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William Henry Sleeman
This eBook from the Gutenberg Project consists of approximately 897 pages of information about Rambles and Recollections of an Indian Official.

No Hindoo dares, and no Christian or Muhammadan will condescend, to lop off the heads of these young trees, and if they did, it would only put off the evil and inevitable day; for such are the vital powers of their roots, when they have once penetrated deeply into a building, that they will send out their branches again, cut them off as often as you may, and carry on their internal attack with undiminished vigour.[1] No wonder that superstition should have consecrated this tree, delicate and beautiful as it is, to the gods.  The palace, the castle, the temple, and the tomb, all those works which man is most proud to raise to spread and to perpetuate his name, crumble to dust beneath her withering grasp.  She rises triumphant over them all in her lofty beauty, bearing high in air amidst her light green foliage fragments of the wreck she has made, to show the nothingness of man’s greatest efforts.

While sitting at my tent-door looking out upon this beautiful sheet of water, and upon all the noble works around me, I thought of the charge, so often made against the people of this fine land, of the total want of public spirit among them, by those who have spent their Indian days in the busy courts of law, and still more busy commercial establishments of our great metropolis.

If by the term public spirit be meant a disposition on the part of individuals to sacrifice their own enjoyments, or their own means of enjoyment for the common good, there is perhaps no people in the world among whom it abounds so much as among the people of India.  To live in the grateful recollections of their countrymen for benefits conferred upon them in great works of ornament and utility is the study of every Hindoo of rank and property.[2] Such works tend, in his opinion, not only to spread and perpetuate his name in this world, but, through the good wishes and prayers of those who are benefited by them, to secure the favour of the Deity in the next.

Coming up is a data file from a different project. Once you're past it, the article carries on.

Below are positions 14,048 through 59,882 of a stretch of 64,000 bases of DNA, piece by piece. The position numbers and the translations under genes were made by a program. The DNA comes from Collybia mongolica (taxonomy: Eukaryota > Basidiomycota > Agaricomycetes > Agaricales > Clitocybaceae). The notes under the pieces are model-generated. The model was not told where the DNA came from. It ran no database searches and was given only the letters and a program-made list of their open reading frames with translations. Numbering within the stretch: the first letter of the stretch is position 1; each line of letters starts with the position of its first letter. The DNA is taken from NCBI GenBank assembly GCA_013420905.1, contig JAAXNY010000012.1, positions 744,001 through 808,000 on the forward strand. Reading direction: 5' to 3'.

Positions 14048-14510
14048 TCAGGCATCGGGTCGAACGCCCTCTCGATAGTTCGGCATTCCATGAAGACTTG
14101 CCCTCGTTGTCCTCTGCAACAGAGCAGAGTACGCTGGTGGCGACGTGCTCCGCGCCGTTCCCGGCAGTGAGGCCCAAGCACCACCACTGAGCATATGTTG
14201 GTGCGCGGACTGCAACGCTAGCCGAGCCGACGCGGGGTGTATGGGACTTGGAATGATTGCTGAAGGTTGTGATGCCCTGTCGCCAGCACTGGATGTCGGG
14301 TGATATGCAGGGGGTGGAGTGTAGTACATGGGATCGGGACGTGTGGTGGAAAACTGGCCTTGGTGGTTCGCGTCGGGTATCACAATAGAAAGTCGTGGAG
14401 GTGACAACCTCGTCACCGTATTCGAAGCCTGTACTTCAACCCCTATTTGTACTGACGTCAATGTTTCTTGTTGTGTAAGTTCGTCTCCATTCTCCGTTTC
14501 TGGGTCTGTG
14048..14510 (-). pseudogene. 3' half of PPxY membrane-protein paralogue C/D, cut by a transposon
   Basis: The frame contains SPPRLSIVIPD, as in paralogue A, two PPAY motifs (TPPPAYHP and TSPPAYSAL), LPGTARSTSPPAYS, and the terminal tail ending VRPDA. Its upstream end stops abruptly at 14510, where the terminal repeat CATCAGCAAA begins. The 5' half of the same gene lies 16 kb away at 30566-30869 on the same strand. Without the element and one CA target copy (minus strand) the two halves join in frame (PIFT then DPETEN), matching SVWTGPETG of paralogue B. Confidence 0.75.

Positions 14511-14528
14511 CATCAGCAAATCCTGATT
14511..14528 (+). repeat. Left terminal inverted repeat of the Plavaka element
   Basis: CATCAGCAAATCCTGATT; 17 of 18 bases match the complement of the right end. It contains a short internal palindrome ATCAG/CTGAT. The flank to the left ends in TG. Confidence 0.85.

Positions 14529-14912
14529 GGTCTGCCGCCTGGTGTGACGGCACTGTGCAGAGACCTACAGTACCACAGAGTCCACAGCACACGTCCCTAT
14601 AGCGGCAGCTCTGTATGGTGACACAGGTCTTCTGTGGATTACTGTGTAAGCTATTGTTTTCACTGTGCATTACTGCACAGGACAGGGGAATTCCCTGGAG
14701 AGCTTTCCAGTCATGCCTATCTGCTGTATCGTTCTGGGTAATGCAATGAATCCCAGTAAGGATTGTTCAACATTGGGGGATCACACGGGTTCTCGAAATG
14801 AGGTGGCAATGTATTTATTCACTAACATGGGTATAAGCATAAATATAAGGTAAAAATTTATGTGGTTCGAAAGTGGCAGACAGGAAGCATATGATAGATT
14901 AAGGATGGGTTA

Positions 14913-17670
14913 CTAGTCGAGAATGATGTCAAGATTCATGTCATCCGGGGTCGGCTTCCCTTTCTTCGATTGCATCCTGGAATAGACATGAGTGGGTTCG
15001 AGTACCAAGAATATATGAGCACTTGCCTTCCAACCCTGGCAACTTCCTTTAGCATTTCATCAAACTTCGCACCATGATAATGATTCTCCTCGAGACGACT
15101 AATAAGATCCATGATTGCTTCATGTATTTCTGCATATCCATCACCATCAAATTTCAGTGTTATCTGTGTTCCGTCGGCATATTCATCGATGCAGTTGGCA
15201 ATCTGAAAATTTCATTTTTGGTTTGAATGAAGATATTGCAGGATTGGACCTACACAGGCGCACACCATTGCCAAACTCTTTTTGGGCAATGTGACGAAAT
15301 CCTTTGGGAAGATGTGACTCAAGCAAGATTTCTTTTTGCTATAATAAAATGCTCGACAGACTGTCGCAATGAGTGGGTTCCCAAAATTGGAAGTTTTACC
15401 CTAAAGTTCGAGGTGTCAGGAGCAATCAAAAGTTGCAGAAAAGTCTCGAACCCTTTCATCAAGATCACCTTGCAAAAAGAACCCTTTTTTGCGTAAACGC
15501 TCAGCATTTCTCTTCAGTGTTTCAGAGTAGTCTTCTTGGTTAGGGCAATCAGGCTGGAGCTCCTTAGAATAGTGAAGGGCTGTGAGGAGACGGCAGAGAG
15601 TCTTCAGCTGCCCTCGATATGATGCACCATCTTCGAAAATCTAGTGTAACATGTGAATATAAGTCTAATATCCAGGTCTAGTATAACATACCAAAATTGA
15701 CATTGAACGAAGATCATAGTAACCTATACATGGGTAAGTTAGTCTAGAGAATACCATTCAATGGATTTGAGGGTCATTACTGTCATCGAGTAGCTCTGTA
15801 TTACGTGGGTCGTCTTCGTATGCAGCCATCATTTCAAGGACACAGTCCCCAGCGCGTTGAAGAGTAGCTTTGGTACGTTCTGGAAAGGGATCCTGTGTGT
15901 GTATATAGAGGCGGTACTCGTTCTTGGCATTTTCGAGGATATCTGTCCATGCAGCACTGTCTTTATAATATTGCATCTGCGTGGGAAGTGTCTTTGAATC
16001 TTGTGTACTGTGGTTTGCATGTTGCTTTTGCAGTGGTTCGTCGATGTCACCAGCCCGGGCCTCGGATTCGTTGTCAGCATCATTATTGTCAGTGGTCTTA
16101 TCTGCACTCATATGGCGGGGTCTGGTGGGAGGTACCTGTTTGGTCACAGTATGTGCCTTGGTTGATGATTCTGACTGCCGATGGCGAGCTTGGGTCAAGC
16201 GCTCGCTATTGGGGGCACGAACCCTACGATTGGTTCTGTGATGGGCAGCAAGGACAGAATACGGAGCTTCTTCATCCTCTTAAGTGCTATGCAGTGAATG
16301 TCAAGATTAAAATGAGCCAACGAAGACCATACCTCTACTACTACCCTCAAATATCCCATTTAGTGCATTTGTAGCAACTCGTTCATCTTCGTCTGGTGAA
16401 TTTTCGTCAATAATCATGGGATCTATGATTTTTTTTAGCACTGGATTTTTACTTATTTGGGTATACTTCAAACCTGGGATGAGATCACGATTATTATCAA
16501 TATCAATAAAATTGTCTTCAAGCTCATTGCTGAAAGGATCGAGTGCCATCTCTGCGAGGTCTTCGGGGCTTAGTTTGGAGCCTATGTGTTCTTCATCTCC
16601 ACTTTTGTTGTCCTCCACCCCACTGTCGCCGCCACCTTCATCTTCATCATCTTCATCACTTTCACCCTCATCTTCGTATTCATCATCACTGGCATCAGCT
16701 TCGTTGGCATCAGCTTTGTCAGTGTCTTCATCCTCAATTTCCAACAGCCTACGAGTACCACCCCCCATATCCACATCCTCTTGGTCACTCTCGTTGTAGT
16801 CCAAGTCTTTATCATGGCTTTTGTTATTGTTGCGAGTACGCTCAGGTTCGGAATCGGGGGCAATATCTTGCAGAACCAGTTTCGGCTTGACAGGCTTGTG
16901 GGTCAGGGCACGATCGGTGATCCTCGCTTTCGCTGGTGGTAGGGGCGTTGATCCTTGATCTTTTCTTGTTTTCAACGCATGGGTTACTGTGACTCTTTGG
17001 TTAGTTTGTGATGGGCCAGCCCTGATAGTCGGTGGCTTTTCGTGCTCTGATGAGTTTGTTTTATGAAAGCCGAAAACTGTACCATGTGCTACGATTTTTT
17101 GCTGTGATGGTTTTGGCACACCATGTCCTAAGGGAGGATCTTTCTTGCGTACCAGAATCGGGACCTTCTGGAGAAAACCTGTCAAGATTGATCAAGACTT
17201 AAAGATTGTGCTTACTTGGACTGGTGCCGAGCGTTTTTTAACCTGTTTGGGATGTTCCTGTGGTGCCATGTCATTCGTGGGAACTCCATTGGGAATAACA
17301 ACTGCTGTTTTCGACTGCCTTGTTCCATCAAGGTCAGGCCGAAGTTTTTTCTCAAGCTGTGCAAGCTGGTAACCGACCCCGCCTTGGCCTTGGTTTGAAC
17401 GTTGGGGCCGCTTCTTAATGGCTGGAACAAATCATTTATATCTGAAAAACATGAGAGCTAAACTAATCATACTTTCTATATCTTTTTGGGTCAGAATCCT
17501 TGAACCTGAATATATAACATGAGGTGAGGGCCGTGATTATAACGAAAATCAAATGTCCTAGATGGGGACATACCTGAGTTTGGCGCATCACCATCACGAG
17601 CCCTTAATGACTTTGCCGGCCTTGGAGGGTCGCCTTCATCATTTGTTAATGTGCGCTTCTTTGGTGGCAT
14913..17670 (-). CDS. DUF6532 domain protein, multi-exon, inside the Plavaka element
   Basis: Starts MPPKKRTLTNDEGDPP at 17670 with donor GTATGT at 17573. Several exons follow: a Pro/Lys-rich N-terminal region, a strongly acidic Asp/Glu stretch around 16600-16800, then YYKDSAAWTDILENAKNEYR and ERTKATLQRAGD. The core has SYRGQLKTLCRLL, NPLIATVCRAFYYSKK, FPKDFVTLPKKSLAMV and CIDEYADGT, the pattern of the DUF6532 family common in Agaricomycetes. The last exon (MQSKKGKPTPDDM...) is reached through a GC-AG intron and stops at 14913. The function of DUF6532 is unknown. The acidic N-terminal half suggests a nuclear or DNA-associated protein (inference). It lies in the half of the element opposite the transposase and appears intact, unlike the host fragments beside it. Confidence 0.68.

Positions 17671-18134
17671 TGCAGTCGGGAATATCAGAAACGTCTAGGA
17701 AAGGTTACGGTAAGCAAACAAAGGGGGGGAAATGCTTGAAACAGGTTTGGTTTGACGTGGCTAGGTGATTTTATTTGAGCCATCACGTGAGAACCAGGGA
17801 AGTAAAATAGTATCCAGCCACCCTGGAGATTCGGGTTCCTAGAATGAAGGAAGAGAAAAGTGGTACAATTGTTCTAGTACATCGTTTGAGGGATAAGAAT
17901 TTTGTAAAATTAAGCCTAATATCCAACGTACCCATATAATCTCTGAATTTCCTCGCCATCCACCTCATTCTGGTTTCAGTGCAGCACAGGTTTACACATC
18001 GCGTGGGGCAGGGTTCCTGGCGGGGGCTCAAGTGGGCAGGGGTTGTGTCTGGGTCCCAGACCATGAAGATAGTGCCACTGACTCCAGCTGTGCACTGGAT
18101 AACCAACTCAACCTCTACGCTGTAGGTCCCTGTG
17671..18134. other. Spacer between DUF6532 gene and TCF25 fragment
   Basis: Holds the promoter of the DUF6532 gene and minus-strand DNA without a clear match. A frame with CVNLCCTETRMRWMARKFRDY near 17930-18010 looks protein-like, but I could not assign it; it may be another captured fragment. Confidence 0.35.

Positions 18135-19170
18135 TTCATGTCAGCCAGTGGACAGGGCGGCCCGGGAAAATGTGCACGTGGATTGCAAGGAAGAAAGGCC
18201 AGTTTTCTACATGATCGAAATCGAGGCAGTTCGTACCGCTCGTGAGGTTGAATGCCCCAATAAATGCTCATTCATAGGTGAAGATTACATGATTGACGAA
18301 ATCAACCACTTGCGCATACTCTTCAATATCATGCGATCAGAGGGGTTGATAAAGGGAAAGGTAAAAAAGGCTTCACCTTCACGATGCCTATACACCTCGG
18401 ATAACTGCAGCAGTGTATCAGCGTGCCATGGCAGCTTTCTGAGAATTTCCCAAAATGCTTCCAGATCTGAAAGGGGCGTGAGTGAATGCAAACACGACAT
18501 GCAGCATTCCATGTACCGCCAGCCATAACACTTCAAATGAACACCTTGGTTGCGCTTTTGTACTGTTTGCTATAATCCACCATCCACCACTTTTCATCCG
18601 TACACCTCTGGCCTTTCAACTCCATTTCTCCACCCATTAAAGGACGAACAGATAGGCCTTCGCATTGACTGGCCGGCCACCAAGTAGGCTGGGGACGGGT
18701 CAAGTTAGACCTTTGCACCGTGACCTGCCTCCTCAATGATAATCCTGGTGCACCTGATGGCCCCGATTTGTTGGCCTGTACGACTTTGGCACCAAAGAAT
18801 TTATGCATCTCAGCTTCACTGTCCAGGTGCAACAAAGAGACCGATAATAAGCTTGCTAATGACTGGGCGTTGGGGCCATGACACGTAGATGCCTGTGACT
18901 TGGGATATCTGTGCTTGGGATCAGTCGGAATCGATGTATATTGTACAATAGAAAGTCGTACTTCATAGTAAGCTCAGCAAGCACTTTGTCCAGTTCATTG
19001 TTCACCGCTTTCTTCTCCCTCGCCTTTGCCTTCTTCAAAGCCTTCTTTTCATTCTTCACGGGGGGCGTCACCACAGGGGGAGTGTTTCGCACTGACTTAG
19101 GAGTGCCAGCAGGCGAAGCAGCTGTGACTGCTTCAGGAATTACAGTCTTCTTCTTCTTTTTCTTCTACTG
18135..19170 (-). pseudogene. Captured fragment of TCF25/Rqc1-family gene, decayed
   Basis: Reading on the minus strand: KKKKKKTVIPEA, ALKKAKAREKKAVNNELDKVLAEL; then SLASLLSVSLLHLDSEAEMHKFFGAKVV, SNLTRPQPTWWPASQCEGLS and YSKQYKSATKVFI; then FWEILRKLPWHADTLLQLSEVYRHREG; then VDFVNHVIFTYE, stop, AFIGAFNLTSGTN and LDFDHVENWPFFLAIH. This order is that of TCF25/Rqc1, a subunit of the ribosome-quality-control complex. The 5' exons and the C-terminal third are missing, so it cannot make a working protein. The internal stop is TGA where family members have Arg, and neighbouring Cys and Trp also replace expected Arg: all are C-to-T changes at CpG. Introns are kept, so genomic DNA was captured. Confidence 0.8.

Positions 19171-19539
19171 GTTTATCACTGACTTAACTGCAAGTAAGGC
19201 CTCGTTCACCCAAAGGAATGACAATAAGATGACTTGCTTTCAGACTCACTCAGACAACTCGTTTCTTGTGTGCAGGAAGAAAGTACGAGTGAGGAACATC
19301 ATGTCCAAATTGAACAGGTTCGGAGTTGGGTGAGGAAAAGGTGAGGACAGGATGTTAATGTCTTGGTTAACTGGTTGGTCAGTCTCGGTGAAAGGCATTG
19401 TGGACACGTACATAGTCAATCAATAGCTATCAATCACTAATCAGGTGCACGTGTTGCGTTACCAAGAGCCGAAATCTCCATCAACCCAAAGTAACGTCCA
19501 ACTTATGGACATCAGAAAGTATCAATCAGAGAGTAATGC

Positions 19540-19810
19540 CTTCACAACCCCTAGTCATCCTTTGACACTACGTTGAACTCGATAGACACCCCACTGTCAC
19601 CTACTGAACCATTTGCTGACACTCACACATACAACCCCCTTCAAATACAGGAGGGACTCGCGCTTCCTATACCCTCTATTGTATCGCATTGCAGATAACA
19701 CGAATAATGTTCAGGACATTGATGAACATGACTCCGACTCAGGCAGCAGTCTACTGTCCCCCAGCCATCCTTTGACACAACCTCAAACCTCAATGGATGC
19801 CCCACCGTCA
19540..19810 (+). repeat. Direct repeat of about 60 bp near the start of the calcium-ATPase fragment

According to their notions, every drop of rain-water or dew that falls to the ground from the green leaf of a fruit-tree, planted by them for the common good, proves a refreshing draught for their souls in the next [world].  When no descendant remains to pour the funeral libations in their name, the water from the trees they have planted for the public good is destined to supply its place.  Everything judiciously laid out to promote the happiness of their fellow creatures will in the next world be repaid to them tenfold by the Deity.

In marching over the country in the hot season, we every morning find our tents pitched on the green sward amid beautiful groves of fruit-trees, with wells of ‘pakka’ (brick or stone) masonry, built at great expense, and containing the most delicious water; but how few of us ever dream of asking at whose cost the trees that afford us and our followers such agreeable shade were planted, or the wells that afford us such copious streams of fine water in the midst of dry, arid plains were formed!  We go on enjoying all the advantages which arise from the noble public spirit that animates the people of India to benevolent exertions, without once calling in question the truth of the assertion of our metropolitan friends that ’the people of India have no public spirit’.

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